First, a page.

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  • An interesting topic: another contentious element of speculative fiction is its exact definition. I briefly remember Margaret Atwood and Ursula K. Le Guin (very respectfully) contesting each other's definitions of speculative fiction, and what they considered science fiction and by extension fantasy. The lines are blurry and constantly redrawn, so perhaps that is something you might want to address. – Matchbox 2 years ago
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  • In short, what Le Guin means by “science fiction” is what I mean by “speculative fiction,” and what she means by “fantasy” would include some of what I mean by “science fiction.” So that clears all up, more or less. When it comes to genres, the borders are increasingly undefined, and things slip back and forth across them with insouciance." This is the exact quote. You might want to investigate further. – Matchbox 2 years ago
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  • Looking forward to reading an article about this. – Stephanie M. 2 years ago
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  • Sounds like a great topic - I would consider the differences between speculative genre and other genres.We use the realist genre to reflect our reality in a 'believable' way. However, speculative fiction can often offer a depth to this reflection that simply isn't possible in realism; speculative fiction is valuable in its capacity to reveal truths about society in 'unbelievable' scenarios. – louisemiolin 2 years ago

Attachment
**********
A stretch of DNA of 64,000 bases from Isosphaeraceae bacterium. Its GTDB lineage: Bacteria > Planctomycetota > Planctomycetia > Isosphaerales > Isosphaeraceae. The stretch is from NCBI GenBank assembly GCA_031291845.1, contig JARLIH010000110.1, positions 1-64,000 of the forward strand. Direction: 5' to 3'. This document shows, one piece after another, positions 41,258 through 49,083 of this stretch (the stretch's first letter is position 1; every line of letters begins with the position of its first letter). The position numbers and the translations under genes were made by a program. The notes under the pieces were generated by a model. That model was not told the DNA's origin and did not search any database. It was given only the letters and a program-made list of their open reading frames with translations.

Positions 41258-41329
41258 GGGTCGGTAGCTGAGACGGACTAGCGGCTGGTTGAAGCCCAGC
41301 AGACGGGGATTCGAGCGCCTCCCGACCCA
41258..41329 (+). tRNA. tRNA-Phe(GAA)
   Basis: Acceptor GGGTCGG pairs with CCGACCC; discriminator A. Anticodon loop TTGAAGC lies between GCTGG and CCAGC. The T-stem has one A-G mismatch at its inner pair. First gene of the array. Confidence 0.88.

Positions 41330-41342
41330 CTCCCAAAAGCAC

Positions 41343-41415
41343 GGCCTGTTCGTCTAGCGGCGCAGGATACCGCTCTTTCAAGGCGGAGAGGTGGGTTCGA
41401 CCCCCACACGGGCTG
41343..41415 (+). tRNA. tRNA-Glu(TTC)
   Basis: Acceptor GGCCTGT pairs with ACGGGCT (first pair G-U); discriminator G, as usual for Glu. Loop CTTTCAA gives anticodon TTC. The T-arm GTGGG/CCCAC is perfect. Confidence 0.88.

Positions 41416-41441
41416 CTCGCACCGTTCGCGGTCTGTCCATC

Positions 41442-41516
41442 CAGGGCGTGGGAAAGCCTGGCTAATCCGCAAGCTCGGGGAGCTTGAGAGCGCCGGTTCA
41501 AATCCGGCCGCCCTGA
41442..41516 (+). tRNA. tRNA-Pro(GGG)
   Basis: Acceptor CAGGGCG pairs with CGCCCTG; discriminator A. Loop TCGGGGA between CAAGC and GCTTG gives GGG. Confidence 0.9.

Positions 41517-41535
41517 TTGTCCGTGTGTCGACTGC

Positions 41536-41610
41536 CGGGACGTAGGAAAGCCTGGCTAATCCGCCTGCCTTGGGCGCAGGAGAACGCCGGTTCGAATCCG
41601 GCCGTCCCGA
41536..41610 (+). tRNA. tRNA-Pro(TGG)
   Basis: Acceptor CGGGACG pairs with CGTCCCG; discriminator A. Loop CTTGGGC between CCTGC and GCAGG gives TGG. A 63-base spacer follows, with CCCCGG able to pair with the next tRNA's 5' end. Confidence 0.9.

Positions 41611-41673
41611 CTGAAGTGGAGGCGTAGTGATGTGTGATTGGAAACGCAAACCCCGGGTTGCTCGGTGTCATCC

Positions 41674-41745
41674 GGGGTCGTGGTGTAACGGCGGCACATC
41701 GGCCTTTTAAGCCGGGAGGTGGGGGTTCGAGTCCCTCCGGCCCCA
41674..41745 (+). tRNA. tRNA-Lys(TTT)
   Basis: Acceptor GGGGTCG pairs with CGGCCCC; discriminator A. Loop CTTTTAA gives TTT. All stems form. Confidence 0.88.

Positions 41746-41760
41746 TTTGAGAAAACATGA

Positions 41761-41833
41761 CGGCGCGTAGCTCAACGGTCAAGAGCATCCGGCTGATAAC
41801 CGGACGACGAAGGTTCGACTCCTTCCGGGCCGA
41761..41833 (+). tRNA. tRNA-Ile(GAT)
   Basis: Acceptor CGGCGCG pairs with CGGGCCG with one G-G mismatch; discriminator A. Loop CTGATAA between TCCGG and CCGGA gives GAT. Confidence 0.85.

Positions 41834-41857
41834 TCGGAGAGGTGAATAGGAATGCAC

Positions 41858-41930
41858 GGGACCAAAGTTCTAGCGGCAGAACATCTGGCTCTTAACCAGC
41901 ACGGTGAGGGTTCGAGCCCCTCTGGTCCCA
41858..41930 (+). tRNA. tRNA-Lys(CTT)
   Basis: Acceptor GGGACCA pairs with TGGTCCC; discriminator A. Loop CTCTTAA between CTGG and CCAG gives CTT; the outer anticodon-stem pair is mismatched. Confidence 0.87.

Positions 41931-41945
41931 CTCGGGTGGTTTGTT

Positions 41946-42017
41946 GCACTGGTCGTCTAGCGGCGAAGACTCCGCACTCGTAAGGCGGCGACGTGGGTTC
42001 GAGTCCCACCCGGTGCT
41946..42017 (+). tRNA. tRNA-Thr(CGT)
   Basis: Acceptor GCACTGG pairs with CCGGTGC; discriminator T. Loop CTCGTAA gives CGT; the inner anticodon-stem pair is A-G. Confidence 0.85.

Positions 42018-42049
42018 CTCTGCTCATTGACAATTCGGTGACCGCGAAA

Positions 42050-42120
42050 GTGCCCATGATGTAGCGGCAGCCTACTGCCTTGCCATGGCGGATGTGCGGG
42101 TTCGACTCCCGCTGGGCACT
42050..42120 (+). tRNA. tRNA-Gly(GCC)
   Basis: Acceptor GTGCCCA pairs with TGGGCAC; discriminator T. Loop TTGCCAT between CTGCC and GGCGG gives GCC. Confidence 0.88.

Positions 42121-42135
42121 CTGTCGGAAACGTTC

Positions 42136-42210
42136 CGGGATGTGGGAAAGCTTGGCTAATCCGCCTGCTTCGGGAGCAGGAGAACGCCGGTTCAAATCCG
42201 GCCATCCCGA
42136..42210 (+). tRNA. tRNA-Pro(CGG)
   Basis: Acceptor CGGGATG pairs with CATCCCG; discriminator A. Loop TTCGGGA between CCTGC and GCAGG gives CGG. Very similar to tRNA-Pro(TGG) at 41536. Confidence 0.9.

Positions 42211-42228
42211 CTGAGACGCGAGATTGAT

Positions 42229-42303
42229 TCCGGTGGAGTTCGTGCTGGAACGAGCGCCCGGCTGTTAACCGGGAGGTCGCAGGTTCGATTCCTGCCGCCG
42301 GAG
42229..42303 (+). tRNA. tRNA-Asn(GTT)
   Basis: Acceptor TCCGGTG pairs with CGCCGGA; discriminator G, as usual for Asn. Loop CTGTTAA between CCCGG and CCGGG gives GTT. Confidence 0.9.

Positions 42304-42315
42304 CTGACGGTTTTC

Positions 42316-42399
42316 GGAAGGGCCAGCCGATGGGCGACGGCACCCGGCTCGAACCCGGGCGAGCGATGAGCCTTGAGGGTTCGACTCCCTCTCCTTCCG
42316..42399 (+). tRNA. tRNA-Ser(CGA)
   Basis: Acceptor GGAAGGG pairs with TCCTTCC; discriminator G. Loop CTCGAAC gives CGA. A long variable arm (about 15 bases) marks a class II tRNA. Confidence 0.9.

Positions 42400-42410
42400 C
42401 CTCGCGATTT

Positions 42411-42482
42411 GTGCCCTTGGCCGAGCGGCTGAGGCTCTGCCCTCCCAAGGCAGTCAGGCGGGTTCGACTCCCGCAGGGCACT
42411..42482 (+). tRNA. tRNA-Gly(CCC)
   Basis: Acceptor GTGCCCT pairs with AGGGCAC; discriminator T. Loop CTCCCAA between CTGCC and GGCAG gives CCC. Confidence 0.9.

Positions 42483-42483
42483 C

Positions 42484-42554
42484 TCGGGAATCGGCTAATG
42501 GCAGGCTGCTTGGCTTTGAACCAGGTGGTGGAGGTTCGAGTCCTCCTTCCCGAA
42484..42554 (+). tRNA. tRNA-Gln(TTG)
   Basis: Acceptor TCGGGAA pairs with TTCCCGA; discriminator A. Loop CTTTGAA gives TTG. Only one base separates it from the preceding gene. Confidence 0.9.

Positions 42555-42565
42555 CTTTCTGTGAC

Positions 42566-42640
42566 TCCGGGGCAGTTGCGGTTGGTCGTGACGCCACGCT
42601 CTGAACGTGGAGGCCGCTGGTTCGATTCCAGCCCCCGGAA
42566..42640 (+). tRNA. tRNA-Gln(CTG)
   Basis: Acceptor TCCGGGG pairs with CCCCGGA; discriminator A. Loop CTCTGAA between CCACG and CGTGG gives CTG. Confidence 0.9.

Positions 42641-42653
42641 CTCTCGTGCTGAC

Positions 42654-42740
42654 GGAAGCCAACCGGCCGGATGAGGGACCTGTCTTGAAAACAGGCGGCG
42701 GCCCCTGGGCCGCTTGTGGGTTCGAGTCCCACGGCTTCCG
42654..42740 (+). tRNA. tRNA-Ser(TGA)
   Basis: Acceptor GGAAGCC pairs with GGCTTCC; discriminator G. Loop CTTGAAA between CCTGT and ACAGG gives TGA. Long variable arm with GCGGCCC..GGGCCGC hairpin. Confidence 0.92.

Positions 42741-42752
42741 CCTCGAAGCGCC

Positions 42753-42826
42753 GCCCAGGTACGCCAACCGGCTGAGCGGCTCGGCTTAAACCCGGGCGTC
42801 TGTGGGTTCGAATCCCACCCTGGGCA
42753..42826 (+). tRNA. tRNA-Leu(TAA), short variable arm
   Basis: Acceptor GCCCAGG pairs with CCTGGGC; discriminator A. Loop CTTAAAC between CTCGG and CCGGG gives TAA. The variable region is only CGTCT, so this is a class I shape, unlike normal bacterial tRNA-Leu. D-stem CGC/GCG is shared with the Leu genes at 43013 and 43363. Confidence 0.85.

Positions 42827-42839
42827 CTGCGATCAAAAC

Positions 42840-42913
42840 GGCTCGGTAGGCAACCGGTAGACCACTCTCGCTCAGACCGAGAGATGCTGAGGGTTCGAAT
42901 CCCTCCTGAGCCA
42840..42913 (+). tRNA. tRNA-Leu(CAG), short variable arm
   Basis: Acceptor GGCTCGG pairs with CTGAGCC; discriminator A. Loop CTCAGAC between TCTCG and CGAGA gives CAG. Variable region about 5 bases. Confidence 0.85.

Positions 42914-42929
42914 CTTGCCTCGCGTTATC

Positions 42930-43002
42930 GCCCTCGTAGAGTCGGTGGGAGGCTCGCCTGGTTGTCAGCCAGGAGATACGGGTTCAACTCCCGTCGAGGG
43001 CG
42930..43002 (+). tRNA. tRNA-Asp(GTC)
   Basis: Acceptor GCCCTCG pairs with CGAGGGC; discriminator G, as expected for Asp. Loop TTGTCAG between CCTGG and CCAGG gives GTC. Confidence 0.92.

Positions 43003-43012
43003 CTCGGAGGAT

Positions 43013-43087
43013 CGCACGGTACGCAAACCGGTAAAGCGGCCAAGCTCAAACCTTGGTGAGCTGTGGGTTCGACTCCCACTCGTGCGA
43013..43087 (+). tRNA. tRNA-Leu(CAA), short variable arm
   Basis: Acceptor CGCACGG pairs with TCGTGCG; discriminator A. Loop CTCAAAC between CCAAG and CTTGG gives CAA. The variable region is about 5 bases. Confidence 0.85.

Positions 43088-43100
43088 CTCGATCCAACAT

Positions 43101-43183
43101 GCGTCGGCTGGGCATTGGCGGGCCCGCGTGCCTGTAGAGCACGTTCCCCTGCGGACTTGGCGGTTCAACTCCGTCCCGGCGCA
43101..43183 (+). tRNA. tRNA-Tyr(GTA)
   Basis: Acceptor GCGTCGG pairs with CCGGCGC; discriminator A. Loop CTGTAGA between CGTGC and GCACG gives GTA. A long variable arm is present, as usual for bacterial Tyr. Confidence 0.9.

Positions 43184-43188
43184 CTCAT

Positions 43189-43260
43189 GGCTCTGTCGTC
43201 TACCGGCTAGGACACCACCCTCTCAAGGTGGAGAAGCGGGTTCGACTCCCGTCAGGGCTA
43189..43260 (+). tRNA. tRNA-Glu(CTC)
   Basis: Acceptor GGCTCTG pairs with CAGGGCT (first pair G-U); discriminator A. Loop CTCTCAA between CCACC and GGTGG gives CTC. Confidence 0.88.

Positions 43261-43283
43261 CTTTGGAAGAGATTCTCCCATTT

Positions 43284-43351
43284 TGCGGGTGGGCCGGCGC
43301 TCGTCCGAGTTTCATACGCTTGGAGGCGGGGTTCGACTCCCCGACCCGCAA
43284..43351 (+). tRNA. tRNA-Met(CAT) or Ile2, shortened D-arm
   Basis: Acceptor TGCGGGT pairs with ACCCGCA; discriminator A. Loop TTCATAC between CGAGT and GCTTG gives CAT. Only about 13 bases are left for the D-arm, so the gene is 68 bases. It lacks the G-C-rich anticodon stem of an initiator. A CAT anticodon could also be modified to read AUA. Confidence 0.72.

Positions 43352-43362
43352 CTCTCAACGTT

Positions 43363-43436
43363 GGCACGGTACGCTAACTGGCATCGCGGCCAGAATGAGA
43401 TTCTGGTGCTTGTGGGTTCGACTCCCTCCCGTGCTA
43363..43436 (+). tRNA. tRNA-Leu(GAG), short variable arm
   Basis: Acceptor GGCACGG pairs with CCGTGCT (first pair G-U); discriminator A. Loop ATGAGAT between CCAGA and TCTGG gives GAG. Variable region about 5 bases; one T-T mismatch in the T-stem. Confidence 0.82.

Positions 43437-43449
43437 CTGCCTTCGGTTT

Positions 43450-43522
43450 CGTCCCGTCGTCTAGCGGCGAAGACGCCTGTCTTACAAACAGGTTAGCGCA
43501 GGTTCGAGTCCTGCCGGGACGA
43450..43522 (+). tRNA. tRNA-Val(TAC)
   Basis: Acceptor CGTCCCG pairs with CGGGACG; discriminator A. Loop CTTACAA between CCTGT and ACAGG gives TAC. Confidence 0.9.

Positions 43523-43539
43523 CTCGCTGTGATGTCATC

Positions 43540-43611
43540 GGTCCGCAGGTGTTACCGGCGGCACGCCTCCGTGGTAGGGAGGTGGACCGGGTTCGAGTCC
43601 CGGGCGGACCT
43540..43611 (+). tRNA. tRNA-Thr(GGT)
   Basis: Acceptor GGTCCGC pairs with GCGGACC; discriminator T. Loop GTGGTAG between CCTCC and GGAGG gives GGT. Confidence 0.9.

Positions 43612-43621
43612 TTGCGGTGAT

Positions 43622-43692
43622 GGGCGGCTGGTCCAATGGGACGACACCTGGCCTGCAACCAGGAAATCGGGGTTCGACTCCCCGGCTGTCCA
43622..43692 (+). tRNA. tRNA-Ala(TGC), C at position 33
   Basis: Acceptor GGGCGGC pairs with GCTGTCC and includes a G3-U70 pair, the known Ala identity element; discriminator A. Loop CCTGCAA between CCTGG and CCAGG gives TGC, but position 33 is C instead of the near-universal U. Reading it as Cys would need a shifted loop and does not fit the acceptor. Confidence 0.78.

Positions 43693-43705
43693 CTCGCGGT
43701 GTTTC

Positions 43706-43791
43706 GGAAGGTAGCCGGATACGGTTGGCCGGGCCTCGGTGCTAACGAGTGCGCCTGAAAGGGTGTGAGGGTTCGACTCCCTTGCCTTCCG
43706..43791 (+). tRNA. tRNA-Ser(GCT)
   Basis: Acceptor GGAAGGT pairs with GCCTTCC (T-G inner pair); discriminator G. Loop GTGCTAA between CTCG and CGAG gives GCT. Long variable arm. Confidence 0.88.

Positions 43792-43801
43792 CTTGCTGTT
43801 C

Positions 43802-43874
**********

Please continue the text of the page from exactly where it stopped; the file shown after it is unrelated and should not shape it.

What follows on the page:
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Latest Comments

Zohal99

I definitely agree! 🙂 I would never want a world without physical books. A mix is always good.

Audiobooks: Do they Enhance or Diminish the Enjoyment of a Story?
Zohal99

Ah yes! Accessibility of storytelling is a huge benefit of audiobooks. 🙂

Audiobooks: Do they Enhance or Diminish the Enjoyment of a Story?
Zohal99

That’s similar to some Lecture series I have listened to on Audible where they come with pdfs of additional learning material. It’s awesome 🙂

Audiobooks: Do they Enhance or Diminish the Enjoyment of a Story?
Zohal99

That’s great to hear. Audiobooks can be really calming in that way I’ve found. 🙂

Audiobooks: Do they Enhance or Diminish the Enjoyment of a Story?
Zohal99

I’m currently very slowly making my way through The Rise and Fall of the Third Reich by William L. Shirer which is the popular definitive account of World War II and I’m up to a section that is about Mein Kampf. It’s crazy that the work was a blueprint for what came to be because of him years after its publication.

Really interesting audiobook selections to compare with one another.

Audiobooks: Do they Enhance or Diminish the Enjoyment of a Story?
Zohal99

So many good non-fiction recommendations that I’ll have to check out 🙂

Audiobooks: Do they Enhance or Diminish the Enjoyment of a Story?
Zohal99

The Harry Potter audiobooks are so amazing. They’re the only ones that I can listen to on double speed without getting confused with what is happening;. Simply magical! 🙂

Audiobooks: Do they Enhance or Diminish the Enjoyment of a Story?
Zohal99

Totally agree! Audiobooks are a saviour for learning to pronounce names although sometimes if I reread something via audio, I get put off when they pronounce names differently to how I thought them to be pronounced.

Audiobooks: Do they Enhance or Diminish the Enjoyment of a Story?